But there are other books I remember instantly, the entire plot, the author’s name, heck–even some of the passages.  These are books that I return to every ten years or so (which reminds me, it’s been a while since I read The Innkeeper’s Song by Peter S. Beagle.  Better get that on my reading list). Mythago Wood by Robert Holdstock is one of those books.

How old was I when I first read it? Had to be my senior year of high school. Maybe even younger than that. By the time I got into college, I had read it so many times, I could see it as a movie in my head. Sean Austin would play Stephen Huxley, I forget who I had as the evil older brother. Most likely Corey Feldman, back when he was still cool. And the fae-like Guiwenneth would be played, of course, by me–so what she was of Celtic origin and had red hair? It wouldn’t be hard to make a few changes. Hollywood does it all the time!

I even had the ending theme music and the subsequent music video with Seal’s "Kiss From a Rose"–because every movie in the 80s and 90s had to have a music video showing the best and/or emotional scenes from the movie. (Hey, I still remember the entire movie music video for the Lost Boys…don’t remember the song’s name, but man, awesome video. That had both Coreys in it–Feldman and Haim. Remember when the Coreys were cool? Stop looking at me like that!)

What I loved about Mythago Wood was the wood itself. I’ve always loved forest stories, especially when they involved unusual beings living in them. Fairies, wood sprites, elves. Part of that stems from my own childhood–our backyard was next to a trainyard, with a thicket of wood separating the two. It didn’t keep the noise out (ah yes, there were days when my room literally shook when the trains rumbled by–when I had friends over and they freak out, I’d look at them and go, "What?" Didn’t faze me at all), but it did hide our view from the train tracks. The best part was that the forest growth extended into our backyard about 10 feet, so it was like having our own tiny forest preserve. My sisters and I played there for hours, playing Robin Hood and King of the Castle.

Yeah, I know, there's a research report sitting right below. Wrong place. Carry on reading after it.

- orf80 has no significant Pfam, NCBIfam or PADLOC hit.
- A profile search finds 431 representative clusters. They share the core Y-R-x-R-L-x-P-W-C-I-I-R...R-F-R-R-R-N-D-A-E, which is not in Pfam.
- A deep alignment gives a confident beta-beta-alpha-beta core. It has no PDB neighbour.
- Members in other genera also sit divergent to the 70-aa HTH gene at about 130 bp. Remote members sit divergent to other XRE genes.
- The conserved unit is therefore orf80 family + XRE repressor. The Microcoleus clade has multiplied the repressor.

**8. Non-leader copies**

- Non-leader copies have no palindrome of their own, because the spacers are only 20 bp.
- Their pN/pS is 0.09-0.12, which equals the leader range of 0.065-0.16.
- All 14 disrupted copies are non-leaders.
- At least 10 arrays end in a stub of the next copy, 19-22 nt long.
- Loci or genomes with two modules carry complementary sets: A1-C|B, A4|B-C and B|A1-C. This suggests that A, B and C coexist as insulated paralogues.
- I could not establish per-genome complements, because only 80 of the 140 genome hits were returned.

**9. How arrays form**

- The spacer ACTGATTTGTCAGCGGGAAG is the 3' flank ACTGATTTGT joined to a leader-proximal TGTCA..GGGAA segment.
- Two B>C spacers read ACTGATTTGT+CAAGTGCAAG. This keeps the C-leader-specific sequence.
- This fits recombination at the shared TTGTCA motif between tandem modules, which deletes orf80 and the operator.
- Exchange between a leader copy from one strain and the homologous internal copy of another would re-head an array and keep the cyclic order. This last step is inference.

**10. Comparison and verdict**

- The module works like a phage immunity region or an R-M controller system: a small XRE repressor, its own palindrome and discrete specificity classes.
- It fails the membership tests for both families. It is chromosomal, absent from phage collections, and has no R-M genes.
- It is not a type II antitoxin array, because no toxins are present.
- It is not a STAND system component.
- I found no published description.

So you see how a book like Mythago Wood could be so magical to me. I had a copy of the book that I read over and over, then just like that, I lost it. Since then, I barely thought about the book, not until Monday, when I heard that Robert Holdstock died. It saddened me to hear that.

My extent of reading Holdstock’s work was that and a short story collection he did (which had a memorable tale of a science experiment of observing two people age far beyond the normal span of human years. That creepy tale always stuck with me). Then, I just sort of forgot about Holdstock, just like I forgot about his book. Just now, while I was doing research to write this blog, I learned that there were more books after Mythago Wood, including a couple of sequels.

That saddens me even more.

But only for a little bit. I think the best homage I can do for Mr. Holdstock is to go get me another copy of Mythago Wood. Then to actually read the sequels. It would be good to go to the woods again and see what myths sneak up this time around.

R.I.P. Mr. Holdstock. and thanks for stirring up this girl’s imagination.